We know sleep is important, right? But so many of us skimp on sleep in exchange for getting more work done or to keep scrolling on social media or to finish just one more episode. We tend to see sleep as an inconvenience, or unimportant because we can just push through the fatigue after minimal sleep, but sleep isn’t only important for having enough energy the next day. So many different processes go on while you sleep and sleep is necessary for optimal functioning of your entire body. Read to learn how sleep impacts your health and how to get a restful night’s sleep for optimal wellbeing.
When you get adequate healthy sleep, your entire body benefits from it. Here are some long term benefits of getting enough sleep:
1. Fewer food cravings
When you miss out on sleep, your body craves extra energy. People who have had a decreased amount of sleep have been shown to eat more food and have stronger cravings. When you don’t have that overwhelming level of hunger or intense cravings, it’s much easier to nourish your body well and make food choices that make your body feel great. If you’ve been feeling out of control with your eating, a lack of sleep may easily be the culprit.
2. Improved mental health
There is a multitude of evidence that lack of sleep is correlated with depression and poor mental health in a variety of populations. It is a two-way correlation in that a lack of sleep can worsen or trigger depression, while depression can also be a cause of impaired sleep patterns. It’s important to get enough sleep to prevent depressive episodes and avoid potential onset of depression.
3. Healthy bones
There is new evidence that shows that when adequate sleep is achieved, in line with our natural circadian rhythm (ie, sleeping during dark hours), our bones can benefit. Our bones undergo “remodeling” in order to be strong and healthy. This mainly occurs while we sleep at night. Studies show that sleep restriction, or an altered sleep schedule that is not in line with circadian rhythm, causes lower rates of healthy bone remodeling.
4. Optimal metabolism
Adequate sleep is important for hormone function. Your hormones control your metabolism, so when they are not optimally balanced and functioning, your metabolism can be thrown out of balance as well.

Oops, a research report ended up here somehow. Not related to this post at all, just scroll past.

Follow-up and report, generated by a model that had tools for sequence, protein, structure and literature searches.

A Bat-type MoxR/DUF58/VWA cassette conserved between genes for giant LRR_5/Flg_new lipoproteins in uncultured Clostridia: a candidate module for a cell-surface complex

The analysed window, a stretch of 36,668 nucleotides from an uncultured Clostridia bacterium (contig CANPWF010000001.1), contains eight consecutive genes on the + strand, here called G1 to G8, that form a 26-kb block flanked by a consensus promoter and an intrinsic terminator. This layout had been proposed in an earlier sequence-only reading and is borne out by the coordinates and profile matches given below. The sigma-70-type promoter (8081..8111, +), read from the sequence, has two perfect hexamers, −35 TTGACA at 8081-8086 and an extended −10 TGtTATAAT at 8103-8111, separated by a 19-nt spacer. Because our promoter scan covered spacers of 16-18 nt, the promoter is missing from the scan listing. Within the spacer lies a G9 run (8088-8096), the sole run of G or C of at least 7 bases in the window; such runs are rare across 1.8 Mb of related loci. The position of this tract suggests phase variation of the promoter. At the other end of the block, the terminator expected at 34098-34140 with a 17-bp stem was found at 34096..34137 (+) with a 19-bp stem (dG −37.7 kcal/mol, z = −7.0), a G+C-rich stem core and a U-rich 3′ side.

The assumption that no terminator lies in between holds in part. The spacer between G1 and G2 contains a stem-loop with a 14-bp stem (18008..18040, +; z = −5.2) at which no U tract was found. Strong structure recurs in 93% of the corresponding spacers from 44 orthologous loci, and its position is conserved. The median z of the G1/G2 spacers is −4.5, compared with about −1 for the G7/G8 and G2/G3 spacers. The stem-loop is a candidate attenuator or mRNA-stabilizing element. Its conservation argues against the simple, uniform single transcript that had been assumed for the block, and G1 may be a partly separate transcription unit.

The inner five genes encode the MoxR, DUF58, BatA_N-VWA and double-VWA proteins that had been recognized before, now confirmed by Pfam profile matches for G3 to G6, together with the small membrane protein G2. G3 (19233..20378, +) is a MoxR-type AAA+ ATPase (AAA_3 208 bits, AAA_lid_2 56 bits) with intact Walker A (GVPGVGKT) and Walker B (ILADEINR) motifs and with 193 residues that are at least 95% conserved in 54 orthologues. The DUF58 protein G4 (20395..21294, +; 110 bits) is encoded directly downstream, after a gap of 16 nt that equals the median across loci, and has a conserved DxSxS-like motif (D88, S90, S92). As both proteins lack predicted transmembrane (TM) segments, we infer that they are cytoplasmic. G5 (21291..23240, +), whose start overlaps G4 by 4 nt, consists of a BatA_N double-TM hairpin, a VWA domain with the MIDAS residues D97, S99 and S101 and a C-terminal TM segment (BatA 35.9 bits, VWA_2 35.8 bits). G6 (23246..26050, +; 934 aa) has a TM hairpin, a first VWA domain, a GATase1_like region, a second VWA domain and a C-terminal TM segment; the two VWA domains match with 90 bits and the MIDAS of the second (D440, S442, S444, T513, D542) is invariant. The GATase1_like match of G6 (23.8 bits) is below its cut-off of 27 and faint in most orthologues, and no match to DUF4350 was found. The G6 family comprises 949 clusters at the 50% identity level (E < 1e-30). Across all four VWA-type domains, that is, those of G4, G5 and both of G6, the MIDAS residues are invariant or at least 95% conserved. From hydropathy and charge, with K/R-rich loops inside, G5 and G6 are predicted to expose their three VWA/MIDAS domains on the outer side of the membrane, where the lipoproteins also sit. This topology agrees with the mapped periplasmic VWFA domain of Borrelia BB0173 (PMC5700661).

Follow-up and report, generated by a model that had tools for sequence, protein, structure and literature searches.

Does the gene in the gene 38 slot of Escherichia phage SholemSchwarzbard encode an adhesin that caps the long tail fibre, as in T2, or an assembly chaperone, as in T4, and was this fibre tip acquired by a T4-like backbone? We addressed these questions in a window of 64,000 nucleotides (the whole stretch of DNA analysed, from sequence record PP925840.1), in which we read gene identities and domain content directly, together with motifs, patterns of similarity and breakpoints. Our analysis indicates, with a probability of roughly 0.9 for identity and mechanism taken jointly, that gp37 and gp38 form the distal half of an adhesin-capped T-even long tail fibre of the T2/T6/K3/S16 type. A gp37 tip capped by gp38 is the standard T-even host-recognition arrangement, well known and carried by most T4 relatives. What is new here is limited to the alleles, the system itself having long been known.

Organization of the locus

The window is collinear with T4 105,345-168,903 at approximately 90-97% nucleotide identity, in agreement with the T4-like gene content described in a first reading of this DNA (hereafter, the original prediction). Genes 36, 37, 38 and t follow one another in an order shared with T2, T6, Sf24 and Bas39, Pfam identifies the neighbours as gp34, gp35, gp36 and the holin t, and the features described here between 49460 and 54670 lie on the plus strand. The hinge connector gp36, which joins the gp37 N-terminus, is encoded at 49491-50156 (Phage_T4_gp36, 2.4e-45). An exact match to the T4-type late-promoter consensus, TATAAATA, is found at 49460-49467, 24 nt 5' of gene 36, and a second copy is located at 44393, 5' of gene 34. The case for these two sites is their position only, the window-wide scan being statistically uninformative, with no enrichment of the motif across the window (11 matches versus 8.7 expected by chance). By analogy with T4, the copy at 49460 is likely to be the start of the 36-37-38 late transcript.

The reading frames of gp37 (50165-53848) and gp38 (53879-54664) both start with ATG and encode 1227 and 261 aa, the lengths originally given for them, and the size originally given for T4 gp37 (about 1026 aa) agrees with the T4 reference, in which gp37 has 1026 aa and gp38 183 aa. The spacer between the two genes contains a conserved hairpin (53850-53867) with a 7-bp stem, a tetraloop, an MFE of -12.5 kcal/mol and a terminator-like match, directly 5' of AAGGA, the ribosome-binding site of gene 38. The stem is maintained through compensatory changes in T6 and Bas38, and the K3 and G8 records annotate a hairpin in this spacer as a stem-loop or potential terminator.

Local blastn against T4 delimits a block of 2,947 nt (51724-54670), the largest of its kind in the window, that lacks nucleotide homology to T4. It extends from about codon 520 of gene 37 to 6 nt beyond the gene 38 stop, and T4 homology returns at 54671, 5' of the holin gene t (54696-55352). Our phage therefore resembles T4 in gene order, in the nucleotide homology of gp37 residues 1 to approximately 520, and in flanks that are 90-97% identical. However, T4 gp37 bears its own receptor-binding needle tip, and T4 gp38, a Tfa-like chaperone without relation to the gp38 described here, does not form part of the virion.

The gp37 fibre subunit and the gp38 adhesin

5. Improved neurocognitive functioning
Adequate sleep is correlated with improved memory, learning, and focus. We all know from experience that it is much harder to focus in school or at work when we don’t get enough sleep the night before. Chronically undersleeping can cause major issues with neurocognitive functioning. Prioritize sleep and you will be able to work and study much more efficiently.
6. Healthy cardiovascular system
Getting quality sleep is important for your cardiovascular system. Sleep disturbances and impaired cardiovascular health are closely related. Lack of quality sleep causes the occurrence of many cardiovascular risk factors such as abnormal blood pressure, impaired glucose metabolism, impaired hormonal regulation, and inflammation.
How to have a healthy sleep
There are several factors that come into play when it comes to determining if our night’s sleep was “healthy”. The duration (approximately 7-9 hours is ideal), the ease of falling asleep, the ability to remain asleep with no waking, a sense of energy and wellbeing the next day, and sticking to our natural circadian rhythm (by sleeping from around when the sun goes down to when it comes up) are all important factors to keep in mind when we want to improve our sleep health.
Sleep is an essential need for survival like food, water, and air. While breathing is involuntary, meeting our sleep, food, and water needs is voluntary. This means we have to take intentional action to meet our need for adequate sleep. In order to cultivate healthy sleep habits, in addition to learning about the problems caused by lack of sleep and knowing how much sleep we need, we also need to make it easier to remember to get enough sleep.
Contributed by Melanie Maxwell, R.H.N.